"[S]urvival has still a special status in relation to human conduct and in our thought about it, which parallels the prominence and the necessity ascribed to it in . . . Natural Law. For it is not merely that an overwhelming majority of men do wish to live, even at the cost of hideous misery, but that this is reflected in whole structures of our thought and language . . . We could not subtract the general wish to live and leave intact concepts like danger and safety, harm and benefit, need and function, disease and cure; for these are ways of simultaneously describing and appraising things by reference to the contribution they make to survival which is accepted as an aim."

-H. L. A. Hart, the Concept of Law ...more
5

Jun 14, 2019

A good example of how books that aim to be introductory can also be deeply insightful by clearly stating the basic problems at play. Hart convincingly argues that law should be seen as much more collaborative than a simple series of imperatives. This is important from a left perspective because many radical views of the state rest on surprisingly conservative notions of law as a mask for class repression. The potential for law to be a collective and democratic project seems unlikely in a crude A good example of how books that aim to be introductory can also be deeply insightful by clearly stating the basic problems at play. Hart convincingly argues that law should be seen as much more collaborative than a simple series of imperatives. This is important from a left perspective because many radical views of the state rest on surprisingly conservative notions of law as a mask for class repression. The potential for law to be a collective and democratic project seems unlikely in a crude command theory wed to class repression but makes sense if law is produced through diverse social processes. ...more
4

Sep 02, 2008

I think this book is an enthralling read, though when I say that to other people they tend to laugh at me. It's, of course, the definitive modern statment of legal positivism. A laser sharp critique of Austinian positivism and an attractive theory of law as positive legal authority constrained by "rules" which extend beyond individual authorities. Hart's theory makes room for democratic style legislative authorities without falling into either a "naturalism/moralism" about rules or a "commands I think this book is an enthralling read, though when I say that to other people they tend to laugh at me. It's, of course, the definitive modern statment of legal positivism. A laser sharp critique of Austinian positivism and an attractive theory of law as positive legal authority constrained by "rules" which extend beyond individual authorities. Hart's theory makes room for democratic style legislative authorities without falling into either a "naturalism/moralism" about rules or a "commands backed by threats of force" positivism. ...more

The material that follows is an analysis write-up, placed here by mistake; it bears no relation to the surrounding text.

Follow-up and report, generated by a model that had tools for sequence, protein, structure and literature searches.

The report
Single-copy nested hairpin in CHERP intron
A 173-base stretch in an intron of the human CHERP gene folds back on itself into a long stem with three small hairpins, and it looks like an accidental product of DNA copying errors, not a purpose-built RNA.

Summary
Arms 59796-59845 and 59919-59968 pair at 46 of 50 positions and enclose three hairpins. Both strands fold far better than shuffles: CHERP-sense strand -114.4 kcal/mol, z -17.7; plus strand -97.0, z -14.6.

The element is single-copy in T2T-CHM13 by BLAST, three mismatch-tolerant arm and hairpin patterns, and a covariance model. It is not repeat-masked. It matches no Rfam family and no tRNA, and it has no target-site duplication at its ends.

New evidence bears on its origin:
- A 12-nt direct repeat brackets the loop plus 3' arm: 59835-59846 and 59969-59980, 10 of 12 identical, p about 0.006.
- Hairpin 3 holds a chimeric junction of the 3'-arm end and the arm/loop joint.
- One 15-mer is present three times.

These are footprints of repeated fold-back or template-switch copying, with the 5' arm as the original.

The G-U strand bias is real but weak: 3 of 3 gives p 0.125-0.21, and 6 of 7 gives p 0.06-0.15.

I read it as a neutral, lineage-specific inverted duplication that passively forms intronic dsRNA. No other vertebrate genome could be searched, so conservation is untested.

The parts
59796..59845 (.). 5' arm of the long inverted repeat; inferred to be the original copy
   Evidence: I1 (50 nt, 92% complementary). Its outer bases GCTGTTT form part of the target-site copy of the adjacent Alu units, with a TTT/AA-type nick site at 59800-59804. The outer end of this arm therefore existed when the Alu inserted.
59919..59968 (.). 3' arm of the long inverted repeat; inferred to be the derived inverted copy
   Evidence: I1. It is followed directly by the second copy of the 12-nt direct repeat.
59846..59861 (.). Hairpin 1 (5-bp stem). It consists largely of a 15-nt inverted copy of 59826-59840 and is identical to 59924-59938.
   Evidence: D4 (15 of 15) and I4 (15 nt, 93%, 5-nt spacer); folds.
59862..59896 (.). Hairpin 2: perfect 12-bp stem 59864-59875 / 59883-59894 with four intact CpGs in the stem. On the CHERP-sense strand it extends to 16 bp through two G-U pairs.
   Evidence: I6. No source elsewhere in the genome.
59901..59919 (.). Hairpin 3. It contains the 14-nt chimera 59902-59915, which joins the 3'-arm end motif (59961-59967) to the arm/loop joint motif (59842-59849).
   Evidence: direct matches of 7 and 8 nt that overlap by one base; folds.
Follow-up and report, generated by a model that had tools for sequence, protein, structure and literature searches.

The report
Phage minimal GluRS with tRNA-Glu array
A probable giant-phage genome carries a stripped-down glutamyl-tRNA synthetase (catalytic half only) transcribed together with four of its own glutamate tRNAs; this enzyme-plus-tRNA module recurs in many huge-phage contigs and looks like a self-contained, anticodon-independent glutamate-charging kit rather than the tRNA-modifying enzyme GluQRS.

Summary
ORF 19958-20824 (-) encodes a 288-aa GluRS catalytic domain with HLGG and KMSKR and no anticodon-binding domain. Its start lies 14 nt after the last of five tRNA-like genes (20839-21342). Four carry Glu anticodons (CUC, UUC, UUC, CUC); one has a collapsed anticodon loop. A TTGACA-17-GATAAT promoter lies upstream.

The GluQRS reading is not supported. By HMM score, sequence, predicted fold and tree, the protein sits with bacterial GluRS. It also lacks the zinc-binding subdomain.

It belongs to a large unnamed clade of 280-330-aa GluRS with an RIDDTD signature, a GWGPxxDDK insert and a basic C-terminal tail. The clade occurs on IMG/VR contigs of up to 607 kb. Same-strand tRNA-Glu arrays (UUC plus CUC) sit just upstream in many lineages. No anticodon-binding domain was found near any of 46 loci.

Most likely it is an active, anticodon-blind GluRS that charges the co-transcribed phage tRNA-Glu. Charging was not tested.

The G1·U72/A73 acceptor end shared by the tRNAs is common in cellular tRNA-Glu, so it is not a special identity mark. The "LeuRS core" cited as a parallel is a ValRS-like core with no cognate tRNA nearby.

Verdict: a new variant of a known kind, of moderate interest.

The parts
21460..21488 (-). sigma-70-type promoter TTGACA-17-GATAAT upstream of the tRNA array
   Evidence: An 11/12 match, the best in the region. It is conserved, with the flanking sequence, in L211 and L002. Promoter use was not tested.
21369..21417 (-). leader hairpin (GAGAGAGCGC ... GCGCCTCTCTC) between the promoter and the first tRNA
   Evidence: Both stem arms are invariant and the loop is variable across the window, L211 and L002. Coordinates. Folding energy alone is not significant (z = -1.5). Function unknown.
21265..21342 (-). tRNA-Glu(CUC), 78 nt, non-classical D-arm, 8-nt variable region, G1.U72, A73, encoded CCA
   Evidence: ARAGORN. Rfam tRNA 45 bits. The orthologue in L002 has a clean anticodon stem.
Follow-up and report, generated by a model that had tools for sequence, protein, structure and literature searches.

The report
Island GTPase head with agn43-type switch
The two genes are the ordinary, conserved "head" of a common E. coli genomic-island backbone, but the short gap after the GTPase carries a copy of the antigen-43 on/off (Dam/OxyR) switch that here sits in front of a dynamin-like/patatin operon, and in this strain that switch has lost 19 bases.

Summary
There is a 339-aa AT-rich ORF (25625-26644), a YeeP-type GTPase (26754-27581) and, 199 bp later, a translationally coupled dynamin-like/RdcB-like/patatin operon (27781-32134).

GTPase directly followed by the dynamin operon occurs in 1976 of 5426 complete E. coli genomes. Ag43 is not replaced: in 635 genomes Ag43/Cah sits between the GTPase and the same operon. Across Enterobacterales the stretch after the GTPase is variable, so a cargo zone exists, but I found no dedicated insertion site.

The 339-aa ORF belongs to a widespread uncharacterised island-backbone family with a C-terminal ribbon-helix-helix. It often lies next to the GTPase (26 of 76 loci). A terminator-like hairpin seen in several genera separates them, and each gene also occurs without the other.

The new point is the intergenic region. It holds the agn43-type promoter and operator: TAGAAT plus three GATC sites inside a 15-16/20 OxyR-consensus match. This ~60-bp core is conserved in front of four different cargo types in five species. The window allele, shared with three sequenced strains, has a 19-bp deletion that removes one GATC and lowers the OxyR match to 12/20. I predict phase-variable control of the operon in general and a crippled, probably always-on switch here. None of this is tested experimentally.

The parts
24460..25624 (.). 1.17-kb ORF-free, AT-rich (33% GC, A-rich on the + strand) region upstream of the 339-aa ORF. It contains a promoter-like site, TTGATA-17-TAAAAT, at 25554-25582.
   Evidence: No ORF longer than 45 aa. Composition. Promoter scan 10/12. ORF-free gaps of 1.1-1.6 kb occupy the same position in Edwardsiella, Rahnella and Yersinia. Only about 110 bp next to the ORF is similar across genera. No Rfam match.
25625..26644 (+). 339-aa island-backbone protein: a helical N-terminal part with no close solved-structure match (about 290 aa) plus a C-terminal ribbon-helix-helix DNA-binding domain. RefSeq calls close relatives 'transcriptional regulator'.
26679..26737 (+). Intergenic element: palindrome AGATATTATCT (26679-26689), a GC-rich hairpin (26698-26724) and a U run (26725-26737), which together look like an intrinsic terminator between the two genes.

5

Jul 08, 2017

I read this book in the last year of my law degree, after I had read all the course books and was busy revising. It didn't actually directly add to my exam preparations (I still passed), as the exams were concerned with the application of the law. But I found it a great way to unwind between sessions of learning case law by rote, and it was strangely therapeutic to read Hart's masterly and magisterial presentation of the very meaning of law. As such it isn't so much a legal textbook as a work of I read this book in the last year of my law degree, after I had read all the course books and was busy revising. It didn't actually directly add to my exam preparations (I still passed), as the exams were concerned with the application of the law. But I found it a great way to unwind between sessions of learning case law by rote, and it was strangely therapeutic to read Hart's masterly and magisterial presentation of the very meaning of law. As such it isn't so much a legal textbook as a work of philosophy, and I would certainly recommend it to anyone who wants quite read, something different that will carry them away to a country lawyer's office. A place where they can indulge in quiet English pursuits as the world passes by. ...more